In 1956, President Nasser of Egypt nationalised the Suez Canal Company. In response, Britain, together with France and Israel, attacked Egypt. The Suez War was the only major military engagement in the 20th century which was opposed by the official opposition. It was also opposed by the United States and the United Nations, resulting in Britain and France being compelled to withdraw from Egypt and damaging the reputation of the Prime Minister, Sir Anthony Eden.
On a number of occasions since 1956, Britain has intervened in the Middle East, most recently in Iraq and in Libya. Those interventions, like Suez, were highly controversial and show the costs of intervention. It has been argued that the failure to intervene in Syria, like the failure to intervene against Hitler and Mussolini in the 1930s, show the risks and costs of non-intervention, so perhaps Eden was more prescient than appeared at the time. In his lecture, Professor Bogdanor will consider to what extent Suez is a throwback to the past or a pointer to the future.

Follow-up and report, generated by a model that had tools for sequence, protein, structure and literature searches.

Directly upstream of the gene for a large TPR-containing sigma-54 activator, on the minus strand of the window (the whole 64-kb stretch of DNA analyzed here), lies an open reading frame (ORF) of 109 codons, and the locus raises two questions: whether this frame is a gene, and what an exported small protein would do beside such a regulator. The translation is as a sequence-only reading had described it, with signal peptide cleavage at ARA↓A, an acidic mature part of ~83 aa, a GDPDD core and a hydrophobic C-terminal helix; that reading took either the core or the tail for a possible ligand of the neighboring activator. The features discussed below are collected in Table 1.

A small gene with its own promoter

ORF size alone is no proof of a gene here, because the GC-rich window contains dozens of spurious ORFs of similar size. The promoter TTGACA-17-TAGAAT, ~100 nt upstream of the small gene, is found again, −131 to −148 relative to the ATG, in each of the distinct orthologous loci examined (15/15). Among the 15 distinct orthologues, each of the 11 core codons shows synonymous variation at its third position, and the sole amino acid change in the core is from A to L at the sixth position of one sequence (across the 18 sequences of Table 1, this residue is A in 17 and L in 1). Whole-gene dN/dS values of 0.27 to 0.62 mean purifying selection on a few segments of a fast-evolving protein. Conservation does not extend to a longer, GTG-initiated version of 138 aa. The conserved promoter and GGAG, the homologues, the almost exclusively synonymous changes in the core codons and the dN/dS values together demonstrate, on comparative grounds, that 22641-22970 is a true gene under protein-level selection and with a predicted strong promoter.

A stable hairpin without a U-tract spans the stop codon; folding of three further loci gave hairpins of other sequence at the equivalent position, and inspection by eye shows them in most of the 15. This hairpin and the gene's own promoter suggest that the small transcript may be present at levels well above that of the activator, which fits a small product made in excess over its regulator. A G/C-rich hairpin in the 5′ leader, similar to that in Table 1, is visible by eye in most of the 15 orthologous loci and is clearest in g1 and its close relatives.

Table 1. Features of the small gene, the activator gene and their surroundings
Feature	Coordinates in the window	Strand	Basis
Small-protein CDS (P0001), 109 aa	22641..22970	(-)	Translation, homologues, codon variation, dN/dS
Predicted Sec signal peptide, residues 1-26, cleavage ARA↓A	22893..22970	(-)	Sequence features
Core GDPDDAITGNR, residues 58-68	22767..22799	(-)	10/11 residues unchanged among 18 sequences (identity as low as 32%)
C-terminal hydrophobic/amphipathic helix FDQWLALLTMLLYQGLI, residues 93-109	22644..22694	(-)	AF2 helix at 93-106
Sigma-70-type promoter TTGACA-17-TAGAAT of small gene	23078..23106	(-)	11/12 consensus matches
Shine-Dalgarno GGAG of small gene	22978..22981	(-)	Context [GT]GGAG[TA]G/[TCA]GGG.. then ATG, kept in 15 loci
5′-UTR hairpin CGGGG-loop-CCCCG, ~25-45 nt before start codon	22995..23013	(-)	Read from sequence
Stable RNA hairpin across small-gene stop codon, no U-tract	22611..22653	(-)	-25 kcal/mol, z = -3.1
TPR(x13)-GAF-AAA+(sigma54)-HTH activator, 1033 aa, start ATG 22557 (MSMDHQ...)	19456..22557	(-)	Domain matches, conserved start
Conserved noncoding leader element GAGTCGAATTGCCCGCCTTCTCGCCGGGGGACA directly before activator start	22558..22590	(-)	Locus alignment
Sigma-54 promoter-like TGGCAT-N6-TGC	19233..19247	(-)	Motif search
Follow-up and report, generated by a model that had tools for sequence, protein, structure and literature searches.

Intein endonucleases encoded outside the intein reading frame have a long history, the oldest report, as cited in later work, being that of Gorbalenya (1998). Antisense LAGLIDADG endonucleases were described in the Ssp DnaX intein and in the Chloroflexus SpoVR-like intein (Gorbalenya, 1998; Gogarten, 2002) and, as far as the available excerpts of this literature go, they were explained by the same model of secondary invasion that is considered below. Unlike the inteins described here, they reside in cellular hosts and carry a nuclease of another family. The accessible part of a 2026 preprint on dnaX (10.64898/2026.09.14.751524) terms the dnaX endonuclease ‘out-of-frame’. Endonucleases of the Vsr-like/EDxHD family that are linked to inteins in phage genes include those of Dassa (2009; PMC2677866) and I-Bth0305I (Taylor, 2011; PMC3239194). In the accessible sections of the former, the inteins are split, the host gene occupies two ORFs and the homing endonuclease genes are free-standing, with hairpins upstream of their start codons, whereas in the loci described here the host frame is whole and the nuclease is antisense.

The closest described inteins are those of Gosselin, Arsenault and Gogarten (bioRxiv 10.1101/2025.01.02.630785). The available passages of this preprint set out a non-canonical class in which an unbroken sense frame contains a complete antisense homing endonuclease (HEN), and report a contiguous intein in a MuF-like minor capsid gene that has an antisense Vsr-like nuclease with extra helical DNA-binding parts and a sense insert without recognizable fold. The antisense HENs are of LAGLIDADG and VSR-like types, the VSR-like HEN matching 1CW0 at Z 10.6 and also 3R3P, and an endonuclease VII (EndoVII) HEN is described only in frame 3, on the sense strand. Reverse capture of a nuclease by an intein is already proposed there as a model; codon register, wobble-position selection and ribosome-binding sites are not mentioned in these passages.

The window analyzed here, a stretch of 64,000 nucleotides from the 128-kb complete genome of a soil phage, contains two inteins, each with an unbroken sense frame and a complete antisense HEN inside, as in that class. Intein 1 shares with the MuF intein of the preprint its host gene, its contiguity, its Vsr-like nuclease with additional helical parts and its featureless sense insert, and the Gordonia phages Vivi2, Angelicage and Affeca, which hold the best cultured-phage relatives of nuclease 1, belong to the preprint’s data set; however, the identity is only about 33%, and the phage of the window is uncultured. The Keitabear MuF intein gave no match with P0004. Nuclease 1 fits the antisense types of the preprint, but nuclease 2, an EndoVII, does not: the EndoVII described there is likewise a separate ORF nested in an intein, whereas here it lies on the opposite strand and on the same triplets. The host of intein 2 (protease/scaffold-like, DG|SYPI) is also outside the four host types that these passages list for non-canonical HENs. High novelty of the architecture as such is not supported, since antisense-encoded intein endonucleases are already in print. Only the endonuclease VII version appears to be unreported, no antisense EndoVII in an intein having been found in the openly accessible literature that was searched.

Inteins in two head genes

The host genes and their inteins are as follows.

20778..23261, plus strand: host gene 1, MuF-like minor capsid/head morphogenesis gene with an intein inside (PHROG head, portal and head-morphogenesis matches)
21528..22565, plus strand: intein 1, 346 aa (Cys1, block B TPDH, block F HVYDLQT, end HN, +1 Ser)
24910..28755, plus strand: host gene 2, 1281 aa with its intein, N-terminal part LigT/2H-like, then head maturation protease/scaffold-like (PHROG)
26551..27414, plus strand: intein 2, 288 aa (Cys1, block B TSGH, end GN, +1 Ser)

Professor Vernon Bogdanor CBE FBA is Research Professor at the Institute for Contemporary British History at King’s College London. He was formerly Professor of Government at Oxford University, and Senior Tutor and Vice-Principal at Brasenose College. He has written widely on government and politics, including books on The People and the Party System, Monarchy and the Constitution, and Power and the People: A Guide to Constitutional Reform. Most recently, he has edited a book on The British Constitution in the Twentieth Century and written on The New British Constitution. He has been an adviser to government and parliamentary bodies on many occasions, and in 1998 was awarded the CBE for services to constitutional history. He is a Fellow of the British Academy.
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